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Potential pathway of anti-inflammatory effect by New Zealand honeys

Authors Tomblin V, Ferguson L, Han DY, Murray P, Schlothauer R

Received 27 March 2013

Accepted for publication 9 November 2013

Published 5 March 2014 Volume 2014:7 Pages 149—158


Checked for plagiarism Yes

Review by Single-blind

Peer reviewer comments 4

Victoria Tomblin,1 Lynnette R Ferguson,1 Dug Yeo Han,1 Pamela Murray,1 Ralf Schlothauer2

1Discipline of Nutrition, Faculty of Medical and Health Sciences, The University of Auckland, Auckland, New Zealand; 2Comvita New Zealand Ltd, Paengaroa, New Zealand

Abstract: The role of honey in wound healing continues to attract worldwide attention. This study examines the anti-inflammatory effect of four honeys on wound healing, to gauge its efficacy as a treatment option. Isolated phenolics and crude extracts from manuka (Leptospermum scoparium), kanuka (Kunzea ericoides), clover (Trifolium spp.), and a manuka/kanuka blend of honeys were examined. Anti-inflammatory assays were conducted in HEK-Blue™-2, HEK-Blue™-4, and nucleotide oligomerization domain (NOD)2-Wild Type (NOD2-WT) cell lines, to assess the extent to which honey treatment impacts on the inflammatory response and whether the effect was pathway-specific. Kanuka honey, and to a lesser extent manuka honey, produced a powerful anti-inflammatory effect related to their phenolic content. The effect was observed in HEK-Blue™-2 cells using the synthetic tripalmitoylated lipopeptide Pam3CysSerLys4 (Pam3CSK4) ligand, suggesting that honey acts specifically through the toll-like receptor (TLR)1/TLR2 signaling pathway. The manuka/kanuka blend and clover honeys had no significant anti-inflammatory effect in any cell line. The research found that kanuka and manuka honeys have an important role in modulating the inflammatory response associated with wound healing, through a pathway-specific effect. The phenolic content of honey correlates with its effectiveness, although the specific compounds involved remain to be determined.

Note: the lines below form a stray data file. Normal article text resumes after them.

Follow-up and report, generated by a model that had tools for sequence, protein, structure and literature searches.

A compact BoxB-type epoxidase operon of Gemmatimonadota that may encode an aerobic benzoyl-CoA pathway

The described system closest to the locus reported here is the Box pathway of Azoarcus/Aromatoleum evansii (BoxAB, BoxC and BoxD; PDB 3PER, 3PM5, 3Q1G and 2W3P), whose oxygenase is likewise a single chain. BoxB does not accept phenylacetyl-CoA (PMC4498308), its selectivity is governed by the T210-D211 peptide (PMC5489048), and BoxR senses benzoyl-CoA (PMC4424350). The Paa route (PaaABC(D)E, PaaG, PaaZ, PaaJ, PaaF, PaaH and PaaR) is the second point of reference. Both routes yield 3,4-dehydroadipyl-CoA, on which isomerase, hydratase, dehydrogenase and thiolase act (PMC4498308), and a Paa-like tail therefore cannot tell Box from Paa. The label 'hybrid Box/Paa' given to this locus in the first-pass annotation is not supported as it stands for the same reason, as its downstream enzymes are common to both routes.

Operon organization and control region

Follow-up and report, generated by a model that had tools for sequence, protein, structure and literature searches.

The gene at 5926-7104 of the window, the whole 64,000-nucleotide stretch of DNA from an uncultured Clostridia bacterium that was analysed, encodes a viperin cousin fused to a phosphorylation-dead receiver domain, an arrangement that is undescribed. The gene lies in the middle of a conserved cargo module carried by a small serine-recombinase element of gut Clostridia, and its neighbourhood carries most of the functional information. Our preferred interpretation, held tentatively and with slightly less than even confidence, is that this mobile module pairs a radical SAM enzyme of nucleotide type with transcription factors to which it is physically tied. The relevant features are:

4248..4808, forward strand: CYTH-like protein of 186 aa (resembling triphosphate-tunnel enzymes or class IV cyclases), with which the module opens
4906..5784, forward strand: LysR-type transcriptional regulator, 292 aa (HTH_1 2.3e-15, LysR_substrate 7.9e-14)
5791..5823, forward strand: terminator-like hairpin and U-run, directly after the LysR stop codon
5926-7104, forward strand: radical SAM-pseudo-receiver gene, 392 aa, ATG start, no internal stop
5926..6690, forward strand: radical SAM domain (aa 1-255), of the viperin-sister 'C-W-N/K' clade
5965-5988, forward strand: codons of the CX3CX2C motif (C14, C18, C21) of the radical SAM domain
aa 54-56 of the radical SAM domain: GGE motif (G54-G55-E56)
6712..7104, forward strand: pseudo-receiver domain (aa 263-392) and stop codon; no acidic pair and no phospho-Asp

Keywords: Leptospermum scoparium, manuka, Kunzea ericoides, kanuka, Trifolium, clover, inflammatory response, phenolics, wound healing

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